Monday, August 6, 2007

Mick McGinty: Sliced Tomato

This is a sinister painting. Being all cut up and bleeding, that tomato somehow conjures up the cinematic horror genre. The cavities filled with juice echo the cut pumpkins during Halloween celebration. The green leaves also look menacing, like a Gorgon, or perhaps a spider, an octopus or simply a mutated feral chicken's foot. They appear moving, in a grabbing motion. The fact that the leaves were not removed prompts to question for the reason, because usually, all green parts are disposed of before the slicing begins. Why not here? Maybe, because the purpose of this tomato is not to be eaten; possibly the cutter needs the seeds, or the juice. The seeds, in turn, could be used for something other than planting (if this is the way to harvest seeds at all -- I have to admit my total ignorance in this sphere). Keeping with the mysterious spirit, I tend to think in the direction of one of Sir Conan Doyle's Sherlock Holmes stories -- "The Five Orange Pips." In any case, the impracticality of such slicing makes it a symbolical act, and perhaps demonstrates a certain ritual.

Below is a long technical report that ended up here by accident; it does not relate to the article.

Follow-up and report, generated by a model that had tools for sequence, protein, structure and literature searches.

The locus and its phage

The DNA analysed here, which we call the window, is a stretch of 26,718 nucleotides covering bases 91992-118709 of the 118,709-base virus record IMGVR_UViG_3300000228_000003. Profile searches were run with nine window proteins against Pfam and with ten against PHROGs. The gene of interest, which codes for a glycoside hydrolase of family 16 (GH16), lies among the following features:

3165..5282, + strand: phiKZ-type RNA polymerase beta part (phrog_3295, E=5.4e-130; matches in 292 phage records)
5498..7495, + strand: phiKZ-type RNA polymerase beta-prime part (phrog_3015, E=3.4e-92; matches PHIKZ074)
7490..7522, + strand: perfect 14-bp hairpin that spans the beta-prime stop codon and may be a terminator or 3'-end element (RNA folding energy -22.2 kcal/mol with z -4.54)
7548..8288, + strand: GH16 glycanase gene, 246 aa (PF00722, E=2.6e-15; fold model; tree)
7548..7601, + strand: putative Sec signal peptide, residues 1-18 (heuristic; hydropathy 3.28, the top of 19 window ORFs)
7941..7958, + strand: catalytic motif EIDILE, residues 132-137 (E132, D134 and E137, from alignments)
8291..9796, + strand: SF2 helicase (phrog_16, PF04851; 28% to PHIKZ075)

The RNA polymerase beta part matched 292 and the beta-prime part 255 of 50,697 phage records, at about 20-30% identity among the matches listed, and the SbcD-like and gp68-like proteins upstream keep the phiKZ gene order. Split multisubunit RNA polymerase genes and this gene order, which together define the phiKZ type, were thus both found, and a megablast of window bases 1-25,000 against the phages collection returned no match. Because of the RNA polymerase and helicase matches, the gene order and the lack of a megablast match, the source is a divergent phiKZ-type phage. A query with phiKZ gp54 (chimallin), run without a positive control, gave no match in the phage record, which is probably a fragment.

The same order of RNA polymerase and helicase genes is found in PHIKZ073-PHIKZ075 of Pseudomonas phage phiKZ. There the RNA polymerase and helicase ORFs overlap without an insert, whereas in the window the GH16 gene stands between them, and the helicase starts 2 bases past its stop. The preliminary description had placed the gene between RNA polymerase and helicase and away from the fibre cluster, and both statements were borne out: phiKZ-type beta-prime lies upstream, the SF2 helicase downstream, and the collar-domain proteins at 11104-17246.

The darker tones of the table further reinforce these generic impressions; as do the cuts, in the form of an X and prison cell bars. The colors appear to shimmer and constantly modulate. The gritty orange alternates with cold diluted blue, gray, black and white. The bright red of the vegetable clashes with such an "unhealthy" combination, in a way in which a sickly ruddiness flushes the ghastly face of a tubercular patient. There is something sardonic about this painting: it is, after all, only a vegetable -- but I can't shake off the feeling of lurking violence, and threat.

The composition of two tomato halves creates a mirroring balance, which, however, is disturbed by their placement on the higher part of the canvas. This is an intentional instability: as a result, the two parts appear to fall, or roll down; instability, which leads to uncertainty, emotional shakiness and eventually fear. Additionally, the artist avoids the acceptable norm of the genre. Instead of depicting whole vegetables, he chooses to deviate and break the pattern, exploring a different approach. And, by slicing up the routine subject, he parodies the norm. This piece may inspire a lugubrious mood but, it does it with such style, as to make me embrace it with a smile.

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